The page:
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Innovative risk protection through captive insurance | Hengeler Mueller News

Innovative risk protection through captive insurance

Whether it be increasingly difficult-to-insure risks like cyber incidents, business interruptions, supply chain disruptions or natural events, tougher access to insurance protection for certain industries, considerable premium increases, more rigorous risk exclusions or sharply rising retentions – companies in various sectors are facing growing challenges when it comes to protecting themselves against risks with the conventional coverage provided by traditional insurers.

Against that background, 'captive insurance' has been attracting more and more attention: captive insurers make 'alternative risk transfer' possible, in combination with greater independence from the conventional primary insurance market. There are estimated to be between 6,000 and 7,000 captive insurers worldwide – with the number trending upwards over the past few years. A study recently published by PricewaterhouseCoopers' German branch found that roughly one-third of the companies surveyed had an interest in establishing a captive insurance vehicle in the next two to three years.

What is captive insurance?

Captive insurers are insurance undertakings set up and wholly owned by one or more entities with the sole purpose of assuming the risks arising to the parent(s) and other group entities from their business operations. Captives offer full-value insurance coverage and can supplement, or even replace, third-party insurance solutions according to the insured's needs. From a regulatory perspective, a captive insurer requires a (re‑)insurance licence and is subject to continuous compliance with the regulatory requirements imposed by the European legal framework under 'Solvency II'. These requirements pertain to the captive insurer's own funds (the minimum capital requirement and the solvency capital requirement, known as Pillar I), its risk management system (Pillar II) and supervisory reporting obligations (Pillar III).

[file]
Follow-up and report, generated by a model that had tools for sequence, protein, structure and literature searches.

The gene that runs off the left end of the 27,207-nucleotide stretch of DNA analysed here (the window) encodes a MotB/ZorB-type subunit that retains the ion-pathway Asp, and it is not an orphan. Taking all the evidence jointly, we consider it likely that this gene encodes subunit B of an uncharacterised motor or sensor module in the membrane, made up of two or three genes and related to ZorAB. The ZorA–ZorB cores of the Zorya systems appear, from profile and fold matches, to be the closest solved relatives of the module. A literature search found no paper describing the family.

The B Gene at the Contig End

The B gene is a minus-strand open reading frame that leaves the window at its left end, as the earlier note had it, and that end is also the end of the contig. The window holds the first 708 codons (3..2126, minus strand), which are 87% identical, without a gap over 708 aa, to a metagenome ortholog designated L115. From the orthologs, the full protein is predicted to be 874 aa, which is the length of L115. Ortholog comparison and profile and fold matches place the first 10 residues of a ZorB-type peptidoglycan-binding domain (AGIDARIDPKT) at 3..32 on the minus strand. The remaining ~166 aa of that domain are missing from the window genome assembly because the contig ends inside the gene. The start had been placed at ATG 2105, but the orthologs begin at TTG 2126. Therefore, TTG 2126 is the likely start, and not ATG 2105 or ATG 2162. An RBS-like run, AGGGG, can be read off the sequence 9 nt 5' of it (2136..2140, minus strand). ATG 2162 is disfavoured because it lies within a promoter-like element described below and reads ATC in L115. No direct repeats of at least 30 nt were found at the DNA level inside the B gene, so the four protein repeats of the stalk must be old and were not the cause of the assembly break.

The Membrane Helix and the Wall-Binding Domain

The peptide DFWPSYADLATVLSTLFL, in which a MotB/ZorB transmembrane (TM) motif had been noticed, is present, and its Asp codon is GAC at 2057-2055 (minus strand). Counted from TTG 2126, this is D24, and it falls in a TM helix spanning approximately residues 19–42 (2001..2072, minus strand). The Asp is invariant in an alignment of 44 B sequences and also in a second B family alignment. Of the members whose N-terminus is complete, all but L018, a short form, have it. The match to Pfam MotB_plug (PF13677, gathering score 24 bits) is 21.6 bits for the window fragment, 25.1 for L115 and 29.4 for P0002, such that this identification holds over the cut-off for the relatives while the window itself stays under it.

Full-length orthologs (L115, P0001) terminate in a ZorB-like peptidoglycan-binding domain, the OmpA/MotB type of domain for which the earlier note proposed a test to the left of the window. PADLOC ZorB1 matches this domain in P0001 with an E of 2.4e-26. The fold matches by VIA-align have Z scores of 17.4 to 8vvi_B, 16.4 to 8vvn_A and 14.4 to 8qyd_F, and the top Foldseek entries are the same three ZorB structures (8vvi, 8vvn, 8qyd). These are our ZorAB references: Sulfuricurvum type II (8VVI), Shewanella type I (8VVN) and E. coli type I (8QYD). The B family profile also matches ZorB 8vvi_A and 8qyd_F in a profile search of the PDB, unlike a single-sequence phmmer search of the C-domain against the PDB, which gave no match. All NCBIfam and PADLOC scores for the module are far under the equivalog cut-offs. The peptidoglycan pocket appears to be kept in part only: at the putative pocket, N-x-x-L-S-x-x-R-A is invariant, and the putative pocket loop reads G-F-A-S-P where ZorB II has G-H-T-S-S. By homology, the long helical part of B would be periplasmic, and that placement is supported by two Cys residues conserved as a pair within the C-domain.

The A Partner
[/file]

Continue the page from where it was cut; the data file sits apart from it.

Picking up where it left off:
There is a variety of design options available for developing needs-specific solutions for companies of different sizes, sectors and regional orientations. These options range from models for both primary insurance and reinsurance, to onshore and offshore schemes, all the way to mechanisms for financing only the owner's or parent group's own internal risks (called 'pure captives') or for diversifying a risk portfolio by accepting risks in addition to those placed by the parent(s) and any affiliates (referred to as 'diversified captives'). For medium-sized enterprises in particular, strategies that do not involve establishing their own genuine (re)insurer are also worth considering, like rent-a-captive models and 'protected cell captives', which make it possible for insureds to bear their own risks via contractual arrangements with third‑party insurance companies.

Beyond that, companies can also concertedly fill gaps that the conventional insurance market does not cover adequately by forming a joint captive, otherwise known as a mutual captive or association captive. For example, a collaboration of international companies recently founded the insurance undertaking Mutual Insurance and Reinsurance for Information Systems (MIRIS) to enable its members to access cyber insurance capacity.

What advantages can captive insurance offer?

Despite the regulatory hurdles, captive insurance can offer a wide array of benefits. In addition to making up deficits in the risk coverage offered by the conventional insurance market by providing needs‑based solutions tailored to the specific exposure of the insured, a captive insurer can strengthen the insured's independence from third-party insurance undertakings. Moreover, captive insurance may afford access to the reinsurance market with favourable outcomes in risk pricing. These features can enable insureds to achieve greater autonomy in their risk protection and risk management, which can also translate into stability in their risk costs.

Similarly, captive insurance can be beneficial in relation to insureds' balance sheets. Unlike setting aside provisions for retentions, with a captive, insureds provide for their risks off their core balance sheets. This protects the core balance sheet from losses arising in insured events and can yield tax advantages. And not least of all, captive insurance has the potential to improve cash flow at the group level because paying the premium does not result in any outflow of cash at the group level.

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